'89 Camry intermittent starting issue (driving me crazy!)

toyota
starting
intermittent
camry

#1

I have a 1989 Camry that my dad bought new when I was 4 years old. It has 310k miles on it so it obviously comes up with some quirky issues from time to time but generally speaking it still runs well and still gets over 30 miles to gallon.

On occasion the car will not start. There is no whirring sound of the engine trying to turn over, there is no click of the starter. The power is fully functional, including locks, radio, windows and indeed a jump start won’t get the car going. There is one sure-fire method to get the car started that works every time, waiting two or three hours (this can be impractical at the grocery store). I have taken the car to multiple mechanics to get the problem diagnosed and fixed, and after driving the car around for a while they have been unable to reproduce it. Through trial and error I have been able to reproduce it down to a science… drive the car around for an hour or so, and immediately after shutting off the engine the car will not start.

My current plan is to drive around aimlessly for an hour and cruise into the car repair place, and hope they can diagnose the issue within the next two hours before the car starts normally again, but I feel like this amount of info should be able to give a reasonable clue what’s going on without relying on the questionable timing of car repair shops.

Does anyone have any ideas what may be causing my problem or any thoughts about how I can investigate? I don’t have a volt meter, but I suppose I could go out and get one. Thanks for your help.


#2

Sounds like a classic case of an intermittent neutral safety switch. If the car is an automatic…try shifting to neutral and see if it starts.


#3

It is an automatic. I will give the neutral start that a try next time the problem happens and see how that goes. Any idea why that might be linked to longer drives?


#4

Could also be the starter solenoid - the thing on top of the starter. Maybe it stops working as it heats up.
You could get a test light or voltmeter and measure across the thinner wire on the starter to ground when it doesn’t start. You should see a voltage there at that time. If you don’t, it could be related to the ignition switch or the transmission neutral/park interlock.
If it lights up, it likely is that solenoid.
Check the fat lead to the starter. It should have 12V on it continuously.


#5

@TimTheSloth

Toyotas are known for needing starters every few years.

The Denso starters used get pitted contacts.

Here’s what I would do

When it doesn’t start, check if the starter is getting a voltage signal. If it is, the starter is bad

If it’s not getting a voltage signal, that switch that @missileman mentioned might be bad


#6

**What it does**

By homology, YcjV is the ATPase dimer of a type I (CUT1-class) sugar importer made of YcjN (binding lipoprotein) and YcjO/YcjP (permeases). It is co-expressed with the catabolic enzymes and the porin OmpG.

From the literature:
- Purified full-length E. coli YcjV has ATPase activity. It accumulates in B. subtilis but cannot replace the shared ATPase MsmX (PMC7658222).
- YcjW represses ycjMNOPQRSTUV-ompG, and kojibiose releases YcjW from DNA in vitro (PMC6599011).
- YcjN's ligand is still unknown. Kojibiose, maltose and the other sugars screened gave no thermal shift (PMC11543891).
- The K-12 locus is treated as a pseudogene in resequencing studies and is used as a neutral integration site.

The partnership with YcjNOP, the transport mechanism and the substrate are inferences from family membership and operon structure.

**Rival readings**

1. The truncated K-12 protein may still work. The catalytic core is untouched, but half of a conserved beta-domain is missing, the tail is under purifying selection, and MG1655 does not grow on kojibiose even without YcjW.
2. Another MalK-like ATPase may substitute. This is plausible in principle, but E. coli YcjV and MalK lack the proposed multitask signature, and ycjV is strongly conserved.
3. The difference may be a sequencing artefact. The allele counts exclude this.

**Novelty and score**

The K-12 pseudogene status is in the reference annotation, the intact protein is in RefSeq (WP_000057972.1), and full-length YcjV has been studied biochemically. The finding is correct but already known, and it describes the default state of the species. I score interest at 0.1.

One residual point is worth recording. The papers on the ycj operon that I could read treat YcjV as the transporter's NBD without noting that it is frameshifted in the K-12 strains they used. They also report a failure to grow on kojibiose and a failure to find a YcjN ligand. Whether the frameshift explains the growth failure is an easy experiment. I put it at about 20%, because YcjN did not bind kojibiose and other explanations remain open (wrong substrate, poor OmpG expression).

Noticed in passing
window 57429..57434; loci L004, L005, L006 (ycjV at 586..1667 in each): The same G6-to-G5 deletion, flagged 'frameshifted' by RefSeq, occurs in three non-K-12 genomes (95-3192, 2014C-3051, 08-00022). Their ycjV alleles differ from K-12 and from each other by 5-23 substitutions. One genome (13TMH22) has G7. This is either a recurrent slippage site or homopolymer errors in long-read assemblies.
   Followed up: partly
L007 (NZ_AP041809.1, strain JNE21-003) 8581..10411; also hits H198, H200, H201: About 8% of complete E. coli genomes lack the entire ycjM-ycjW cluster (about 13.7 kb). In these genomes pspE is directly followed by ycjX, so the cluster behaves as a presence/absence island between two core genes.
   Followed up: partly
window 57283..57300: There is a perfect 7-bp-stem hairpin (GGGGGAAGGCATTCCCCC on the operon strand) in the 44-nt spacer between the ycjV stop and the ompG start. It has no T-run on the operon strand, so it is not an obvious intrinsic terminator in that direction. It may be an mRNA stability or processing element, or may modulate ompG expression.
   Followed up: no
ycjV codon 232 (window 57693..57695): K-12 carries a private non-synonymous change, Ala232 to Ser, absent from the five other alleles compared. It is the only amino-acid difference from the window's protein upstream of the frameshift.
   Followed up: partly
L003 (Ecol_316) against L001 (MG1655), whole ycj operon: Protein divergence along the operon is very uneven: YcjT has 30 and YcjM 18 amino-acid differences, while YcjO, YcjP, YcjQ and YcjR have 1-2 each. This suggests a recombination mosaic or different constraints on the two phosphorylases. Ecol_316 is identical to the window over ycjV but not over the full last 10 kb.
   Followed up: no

In the infinite wisdom of one of my Field Technical Specialists, “It may take you forever to found out what’s wrong. But when you do, It’ll all be clear.” Seriously, it seems like a hot soak issue. Something when heated up is going open, if you need to drive around aimlessly to heat it up for the mechanic, then you have to do that. We (especially flat rate mechanics) can’t charge a customer $104/hr to drive your car around, get doughnuts, pick up dry cleaning, just to get the vehicle to the proper duplicating conditions. When it DOES happen, and your mechanic is staring at it with a blank look on his face, have him use a Smart tester on the battery (digital) that measures static voltage, then puts a load on, then watches to see how the battery recovers. If the battery test shows good, you need to check the starter. There are 2 wires, one will have 12v constant (approx. BUT…if the battery reads 12.3 volts and the starter reads 11.1, you have a voltage drop issue, an corroded or bad connection in that line.) Say the 12v constant is good, check the solenoid wire, it should have 12v when the key is turned to the “start” position. The wiring is >>Ign switch, through the Neutral safety switch, then to the starter solenoid. If all 3 of these things are good, Then put a starter in it. It has an open in the solenoid when hot, then when it cools down, contracts, and makes good contact again. Like someone mentioned above when it happens, try putting it in Neutral to see if it starts. It could be a neutral safety switch. But before guessing with parts, have them diagnose it as described here. If you don’t have 12v at the starter solenois when key is turned to start, check the B+ wire in and out of the PNS (Park/Neutral Safety Switch. If you have now power into it, the problem is between the ign switch and the PNS switch. Power in, but not out, bad PNS switch, B+ in and out, but no B+ (12v) to starter solenoid, then you have an intermittant wiring issue between the PNS switch and the starter solenoid. But, first things first: It’s summer, it’s probably hot. When it happens, make sure the battery isn’t going open cell (reads 5v when it should read 12-12.6) That’s common in summer. The plates heat up and get jiggled around from your driving, and they expand/go open, and no go Joe. Cools down, and connects, and starts. Hope this helps.